Like sand through a sieve, time slips through my hands, and as I read to Everett and Mae, I realize I can no longer see over the heart-shaped space that is their heads meeting. They’re too tall. Time sketches angles in Sophie’s cheekbones and broadness in Cohen’s shoulders and fullness into Ellie’s curls. I pull into work and out of work and into work again, keys in, keys out. I teach one year, five years, ten years. I see the dashboard of my car; I’m in the parking lot, reaching for the car handle, pushing the door into summer heat, closing it to the sting of winter, and opening it tomorrow for spring. It’s moving that quickly: in, out, open, shut, sleep, arise.
Everything is moving so quickly now; it always is. We brush off skin and chop hair and clip toe nails. Growing and moving toward an end that we know is coming as surely as we know the eyes of our spouse. That is to say- we know them, but we will never quite know them completely, as we also know within them is their own abyss, their own universe which is large and vastly unexplored.
I needed to write today. I write to stretch the seconds, stretch them out like a rubber bands, to create a space in the stillness between them. I see time slipping and I write to remind myself I’m here, to mark an unmoving space in this earth that never stops; I want to put a flag in that space and on the flag it will say: I am!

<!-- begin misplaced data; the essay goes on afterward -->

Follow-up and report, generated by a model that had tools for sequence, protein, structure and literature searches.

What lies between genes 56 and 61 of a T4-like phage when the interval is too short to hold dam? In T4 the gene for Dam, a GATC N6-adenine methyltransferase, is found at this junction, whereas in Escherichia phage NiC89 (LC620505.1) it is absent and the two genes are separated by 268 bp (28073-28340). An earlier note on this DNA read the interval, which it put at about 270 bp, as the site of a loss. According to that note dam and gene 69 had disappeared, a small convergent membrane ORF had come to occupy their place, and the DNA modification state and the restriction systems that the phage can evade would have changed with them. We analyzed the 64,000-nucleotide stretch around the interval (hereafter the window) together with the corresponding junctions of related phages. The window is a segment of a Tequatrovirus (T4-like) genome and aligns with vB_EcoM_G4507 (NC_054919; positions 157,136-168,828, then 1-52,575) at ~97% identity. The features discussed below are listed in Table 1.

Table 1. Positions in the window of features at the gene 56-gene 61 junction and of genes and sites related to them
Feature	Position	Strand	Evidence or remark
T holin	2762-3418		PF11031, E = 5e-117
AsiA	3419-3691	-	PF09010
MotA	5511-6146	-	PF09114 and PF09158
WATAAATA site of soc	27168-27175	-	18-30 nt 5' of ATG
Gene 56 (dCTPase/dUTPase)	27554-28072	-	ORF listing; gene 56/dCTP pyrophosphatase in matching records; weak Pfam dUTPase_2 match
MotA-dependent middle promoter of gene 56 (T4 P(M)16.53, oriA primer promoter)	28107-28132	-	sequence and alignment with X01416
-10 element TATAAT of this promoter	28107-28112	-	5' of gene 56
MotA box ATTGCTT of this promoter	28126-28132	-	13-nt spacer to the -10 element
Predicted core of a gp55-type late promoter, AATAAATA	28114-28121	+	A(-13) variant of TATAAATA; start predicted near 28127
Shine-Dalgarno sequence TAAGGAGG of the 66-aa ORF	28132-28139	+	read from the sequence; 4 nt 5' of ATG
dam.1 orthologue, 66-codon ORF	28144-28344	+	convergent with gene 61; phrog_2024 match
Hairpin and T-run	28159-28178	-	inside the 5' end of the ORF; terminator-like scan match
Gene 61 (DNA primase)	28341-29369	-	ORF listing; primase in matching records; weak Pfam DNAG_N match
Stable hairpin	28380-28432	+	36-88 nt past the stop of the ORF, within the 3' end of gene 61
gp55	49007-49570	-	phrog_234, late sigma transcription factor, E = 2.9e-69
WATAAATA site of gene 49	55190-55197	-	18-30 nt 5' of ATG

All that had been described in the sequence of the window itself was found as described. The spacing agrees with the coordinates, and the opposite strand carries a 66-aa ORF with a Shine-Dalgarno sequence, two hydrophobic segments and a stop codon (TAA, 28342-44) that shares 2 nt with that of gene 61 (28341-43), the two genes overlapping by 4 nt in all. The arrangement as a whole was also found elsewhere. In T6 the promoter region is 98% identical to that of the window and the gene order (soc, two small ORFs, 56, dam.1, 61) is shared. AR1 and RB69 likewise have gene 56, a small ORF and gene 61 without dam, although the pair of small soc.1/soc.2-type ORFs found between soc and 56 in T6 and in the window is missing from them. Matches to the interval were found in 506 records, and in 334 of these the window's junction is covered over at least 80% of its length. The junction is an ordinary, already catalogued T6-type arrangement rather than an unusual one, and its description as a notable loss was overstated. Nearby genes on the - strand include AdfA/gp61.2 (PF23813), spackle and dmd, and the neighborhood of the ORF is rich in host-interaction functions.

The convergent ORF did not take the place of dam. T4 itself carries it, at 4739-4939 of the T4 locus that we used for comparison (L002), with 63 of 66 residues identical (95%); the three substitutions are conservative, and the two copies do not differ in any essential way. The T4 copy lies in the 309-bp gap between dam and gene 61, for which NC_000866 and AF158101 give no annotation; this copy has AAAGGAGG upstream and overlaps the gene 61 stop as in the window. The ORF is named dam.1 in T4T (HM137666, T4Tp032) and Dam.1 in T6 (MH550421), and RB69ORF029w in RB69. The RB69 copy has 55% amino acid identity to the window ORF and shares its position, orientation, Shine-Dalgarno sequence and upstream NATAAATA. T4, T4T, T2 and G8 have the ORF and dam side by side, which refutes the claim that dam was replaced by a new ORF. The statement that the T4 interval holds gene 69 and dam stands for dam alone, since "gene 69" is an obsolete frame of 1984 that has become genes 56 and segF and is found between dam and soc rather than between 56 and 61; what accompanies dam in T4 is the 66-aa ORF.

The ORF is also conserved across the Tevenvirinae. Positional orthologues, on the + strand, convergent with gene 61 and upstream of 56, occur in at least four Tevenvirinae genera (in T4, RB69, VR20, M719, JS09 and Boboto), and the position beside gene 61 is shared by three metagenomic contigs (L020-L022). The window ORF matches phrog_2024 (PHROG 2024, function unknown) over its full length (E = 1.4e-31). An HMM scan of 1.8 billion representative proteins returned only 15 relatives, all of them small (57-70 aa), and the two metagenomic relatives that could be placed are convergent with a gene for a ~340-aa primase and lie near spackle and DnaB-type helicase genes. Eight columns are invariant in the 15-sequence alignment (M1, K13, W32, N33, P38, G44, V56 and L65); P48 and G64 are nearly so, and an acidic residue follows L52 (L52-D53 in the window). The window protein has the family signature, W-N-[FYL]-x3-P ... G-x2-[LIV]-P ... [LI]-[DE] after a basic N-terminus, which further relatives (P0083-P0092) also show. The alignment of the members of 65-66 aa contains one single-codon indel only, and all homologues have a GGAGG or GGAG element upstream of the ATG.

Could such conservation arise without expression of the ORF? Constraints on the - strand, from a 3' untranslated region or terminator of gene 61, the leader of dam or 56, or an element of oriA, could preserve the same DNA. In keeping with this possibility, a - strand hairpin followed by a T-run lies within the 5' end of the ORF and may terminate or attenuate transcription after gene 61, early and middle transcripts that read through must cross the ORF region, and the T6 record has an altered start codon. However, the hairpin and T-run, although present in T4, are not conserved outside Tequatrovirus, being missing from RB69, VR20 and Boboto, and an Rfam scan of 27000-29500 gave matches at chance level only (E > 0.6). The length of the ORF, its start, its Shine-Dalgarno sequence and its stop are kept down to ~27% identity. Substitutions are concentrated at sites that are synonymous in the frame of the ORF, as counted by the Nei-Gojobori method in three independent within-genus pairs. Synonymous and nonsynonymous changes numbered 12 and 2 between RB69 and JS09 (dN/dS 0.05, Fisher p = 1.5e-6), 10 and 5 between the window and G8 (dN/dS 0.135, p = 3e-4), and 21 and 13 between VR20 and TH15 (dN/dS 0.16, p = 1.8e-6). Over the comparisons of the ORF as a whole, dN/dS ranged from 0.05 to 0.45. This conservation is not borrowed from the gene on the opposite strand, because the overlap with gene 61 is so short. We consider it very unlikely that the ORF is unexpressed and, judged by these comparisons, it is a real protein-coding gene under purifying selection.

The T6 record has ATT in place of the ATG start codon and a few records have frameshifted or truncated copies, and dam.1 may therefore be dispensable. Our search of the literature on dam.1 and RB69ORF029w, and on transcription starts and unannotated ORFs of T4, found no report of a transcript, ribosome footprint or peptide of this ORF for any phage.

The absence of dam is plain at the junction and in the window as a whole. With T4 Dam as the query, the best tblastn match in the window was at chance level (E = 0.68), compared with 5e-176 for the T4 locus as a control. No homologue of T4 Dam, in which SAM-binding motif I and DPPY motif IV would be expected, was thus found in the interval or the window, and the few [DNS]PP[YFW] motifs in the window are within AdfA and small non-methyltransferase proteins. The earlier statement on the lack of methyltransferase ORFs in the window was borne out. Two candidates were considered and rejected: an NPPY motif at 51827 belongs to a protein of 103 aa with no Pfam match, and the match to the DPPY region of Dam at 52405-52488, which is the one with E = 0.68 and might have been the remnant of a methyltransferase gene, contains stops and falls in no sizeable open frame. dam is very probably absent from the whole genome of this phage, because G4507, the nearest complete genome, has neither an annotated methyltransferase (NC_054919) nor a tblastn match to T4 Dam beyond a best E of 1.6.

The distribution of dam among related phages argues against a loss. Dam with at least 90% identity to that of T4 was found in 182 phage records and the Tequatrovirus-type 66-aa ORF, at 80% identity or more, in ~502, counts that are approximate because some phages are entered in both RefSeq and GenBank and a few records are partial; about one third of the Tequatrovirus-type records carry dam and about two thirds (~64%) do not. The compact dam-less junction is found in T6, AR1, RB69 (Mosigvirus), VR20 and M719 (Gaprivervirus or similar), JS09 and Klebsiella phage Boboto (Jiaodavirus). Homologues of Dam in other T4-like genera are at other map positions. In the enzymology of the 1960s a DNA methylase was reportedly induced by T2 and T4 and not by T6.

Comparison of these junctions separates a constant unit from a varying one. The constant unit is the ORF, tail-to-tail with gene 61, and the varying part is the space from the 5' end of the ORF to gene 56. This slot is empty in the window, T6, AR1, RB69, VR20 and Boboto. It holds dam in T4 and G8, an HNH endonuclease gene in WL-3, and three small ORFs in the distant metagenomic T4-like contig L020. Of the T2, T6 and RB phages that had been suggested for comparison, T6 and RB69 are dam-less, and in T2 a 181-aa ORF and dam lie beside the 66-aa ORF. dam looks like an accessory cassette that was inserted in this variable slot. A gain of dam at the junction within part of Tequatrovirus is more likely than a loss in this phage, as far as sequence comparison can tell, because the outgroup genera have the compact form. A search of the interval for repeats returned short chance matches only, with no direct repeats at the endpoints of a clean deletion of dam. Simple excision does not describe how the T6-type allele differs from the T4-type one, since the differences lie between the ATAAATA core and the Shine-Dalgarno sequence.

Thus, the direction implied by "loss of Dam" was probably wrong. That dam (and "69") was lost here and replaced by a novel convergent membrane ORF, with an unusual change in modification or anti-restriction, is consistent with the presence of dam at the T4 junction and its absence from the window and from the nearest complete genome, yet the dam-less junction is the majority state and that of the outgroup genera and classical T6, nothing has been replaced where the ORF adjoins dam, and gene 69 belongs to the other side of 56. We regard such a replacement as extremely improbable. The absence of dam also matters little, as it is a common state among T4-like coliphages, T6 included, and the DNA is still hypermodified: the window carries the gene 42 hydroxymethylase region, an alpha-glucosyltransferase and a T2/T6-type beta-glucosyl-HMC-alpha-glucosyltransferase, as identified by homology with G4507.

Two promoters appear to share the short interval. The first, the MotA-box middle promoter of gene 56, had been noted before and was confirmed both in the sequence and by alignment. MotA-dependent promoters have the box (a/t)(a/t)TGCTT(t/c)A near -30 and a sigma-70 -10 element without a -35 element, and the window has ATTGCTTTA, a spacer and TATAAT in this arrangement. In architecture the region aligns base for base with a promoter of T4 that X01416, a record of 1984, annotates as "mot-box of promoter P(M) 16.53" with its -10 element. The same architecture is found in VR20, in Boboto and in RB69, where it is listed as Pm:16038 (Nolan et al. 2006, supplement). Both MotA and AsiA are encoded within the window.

If I’m honest, I write to not be lost.
But perhaps nothing that lives is lost.
Since I have been, I’ve been breathing, and I write to hold the breaths, to feel them in my palms and observe them like small worlds, each one holding infinite detail. I write to hold the seconds; perhaps I write to become part of the ever-slipping sand, since I know it is fruitless to hold it.
Words cannot capture the sway of Mae’s hair, how the light blonde strands swing horizontally like a pendulum. Words cannot capture the gentle heat of another human hand or the vastness of a star or cell. And try as they might, words will never be able to capture Truth.
And yet- the space between the words might. There in that space we feel the hum of connection that sounds something like “I know” and “me too”. The space in between the words will stretch out the seconds just long enough for us to be fully alive. That space holds the moments, just like time holds reality, even though we know full well reality is too big to be held.
Right now, Cohen is laughing at something he read in Big Nate, a car’s wheels screech outside, and Ellie’s breath ebbs and flows like waves.